I understand the concept of why the signal speed is higher than the electron drift velocity, but I can't understand the concept of joule heating. If electrons move slow then how do they produce a lot of heat when they hit the nucleus. Besides my friend once told me that the drift velocity is the net movement and electrons move fast in all directions, if that is the case why do they move like that?


The absolute velocity of the electrons actually doesn't matter for joule heating. Think about it this way, if there is no current flowing there wouldn't be any joule heating. So, even if electrons are moving quickly and randomly when no current is flowing, we know no joule heating would occur and that joule heating is really about the net change in effect caused by the current. That is, the base electron velocity doesn't have an effect. All that matters is the $\Delta V$ over the base electron velocity which is given by the drift velocity.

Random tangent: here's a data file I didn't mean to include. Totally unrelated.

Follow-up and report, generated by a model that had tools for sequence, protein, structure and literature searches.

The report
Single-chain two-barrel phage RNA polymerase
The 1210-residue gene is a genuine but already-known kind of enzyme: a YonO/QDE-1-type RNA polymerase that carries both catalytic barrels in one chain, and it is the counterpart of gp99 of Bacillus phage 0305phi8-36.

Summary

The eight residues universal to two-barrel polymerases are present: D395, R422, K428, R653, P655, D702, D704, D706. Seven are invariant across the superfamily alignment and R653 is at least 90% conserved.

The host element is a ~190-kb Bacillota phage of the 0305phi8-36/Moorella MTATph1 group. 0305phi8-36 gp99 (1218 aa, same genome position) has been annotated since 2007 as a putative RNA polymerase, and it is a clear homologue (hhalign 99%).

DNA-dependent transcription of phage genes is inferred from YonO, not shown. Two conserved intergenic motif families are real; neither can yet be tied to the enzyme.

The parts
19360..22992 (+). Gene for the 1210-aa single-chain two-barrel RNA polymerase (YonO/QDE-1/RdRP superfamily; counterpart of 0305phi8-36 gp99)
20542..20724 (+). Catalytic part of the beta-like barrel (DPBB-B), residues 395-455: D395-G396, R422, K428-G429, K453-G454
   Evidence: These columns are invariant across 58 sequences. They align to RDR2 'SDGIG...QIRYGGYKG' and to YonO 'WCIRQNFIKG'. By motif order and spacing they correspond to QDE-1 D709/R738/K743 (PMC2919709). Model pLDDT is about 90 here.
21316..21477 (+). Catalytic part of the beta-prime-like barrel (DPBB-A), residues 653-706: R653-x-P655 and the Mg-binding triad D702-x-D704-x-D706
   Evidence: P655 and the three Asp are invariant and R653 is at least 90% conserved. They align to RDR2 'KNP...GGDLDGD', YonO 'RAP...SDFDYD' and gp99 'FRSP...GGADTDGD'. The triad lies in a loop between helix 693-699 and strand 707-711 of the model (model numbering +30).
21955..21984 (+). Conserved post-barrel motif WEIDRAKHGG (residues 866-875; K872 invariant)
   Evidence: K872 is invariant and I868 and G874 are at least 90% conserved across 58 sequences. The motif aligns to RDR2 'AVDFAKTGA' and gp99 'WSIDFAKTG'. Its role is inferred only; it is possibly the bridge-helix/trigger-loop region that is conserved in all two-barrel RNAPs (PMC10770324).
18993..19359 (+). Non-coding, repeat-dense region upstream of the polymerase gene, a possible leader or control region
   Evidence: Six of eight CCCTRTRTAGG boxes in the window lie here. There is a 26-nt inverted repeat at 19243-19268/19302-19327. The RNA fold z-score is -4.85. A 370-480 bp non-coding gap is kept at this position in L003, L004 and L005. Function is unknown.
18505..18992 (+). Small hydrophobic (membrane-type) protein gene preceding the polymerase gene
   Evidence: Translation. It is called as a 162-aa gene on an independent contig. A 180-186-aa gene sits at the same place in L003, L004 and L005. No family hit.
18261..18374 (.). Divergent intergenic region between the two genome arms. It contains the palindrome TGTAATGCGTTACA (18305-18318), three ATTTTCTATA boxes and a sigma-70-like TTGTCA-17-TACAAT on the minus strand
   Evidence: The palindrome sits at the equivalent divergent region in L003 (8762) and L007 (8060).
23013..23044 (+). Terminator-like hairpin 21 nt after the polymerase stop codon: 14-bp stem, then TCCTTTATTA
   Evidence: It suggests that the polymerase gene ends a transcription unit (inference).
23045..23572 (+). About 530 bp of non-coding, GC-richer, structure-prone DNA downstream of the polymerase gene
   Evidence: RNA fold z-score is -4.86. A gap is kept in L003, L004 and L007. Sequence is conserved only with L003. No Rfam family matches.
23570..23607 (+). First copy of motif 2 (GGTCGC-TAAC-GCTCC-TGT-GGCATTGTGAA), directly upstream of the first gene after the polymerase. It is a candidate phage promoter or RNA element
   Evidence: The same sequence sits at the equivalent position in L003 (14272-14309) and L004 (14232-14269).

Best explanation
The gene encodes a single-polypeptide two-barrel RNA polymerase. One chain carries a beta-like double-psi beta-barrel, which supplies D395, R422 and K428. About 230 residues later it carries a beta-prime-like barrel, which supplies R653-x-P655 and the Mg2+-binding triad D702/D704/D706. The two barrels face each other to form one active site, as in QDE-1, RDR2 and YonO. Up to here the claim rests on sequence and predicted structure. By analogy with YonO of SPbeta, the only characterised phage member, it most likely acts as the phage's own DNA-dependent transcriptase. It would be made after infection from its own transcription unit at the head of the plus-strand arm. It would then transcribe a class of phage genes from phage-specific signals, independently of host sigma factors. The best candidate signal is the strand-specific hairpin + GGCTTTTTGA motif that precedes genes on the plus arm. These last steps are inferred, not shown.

Joule heating is really about electrical energy lost to heat due to resistance. Even if the average drift velocity of an electron is tiny, there are so many electrons moving that the tiny energy loss to heat for each electron adds up. As you know, current is the result of a huge number of moving electrons. It's a numbers game. The more electrons losing a tiny bit of energy there are, the more total heat is generated.

Via Ohm's Law you can see that $P_{ower} = I^2 R$ so it's no wonder that heat generation is proportional to $I^2 R$.

Also, in your question you mentioned an electron bumping into a nucleus. That is not what's happening. Electrons are colliding with the electron cloud of atoms and via electromagnetic repulsion are pushing the whole atom a bit, increasing its kinetic energy. It's just free electrons interacting with bound electrons.


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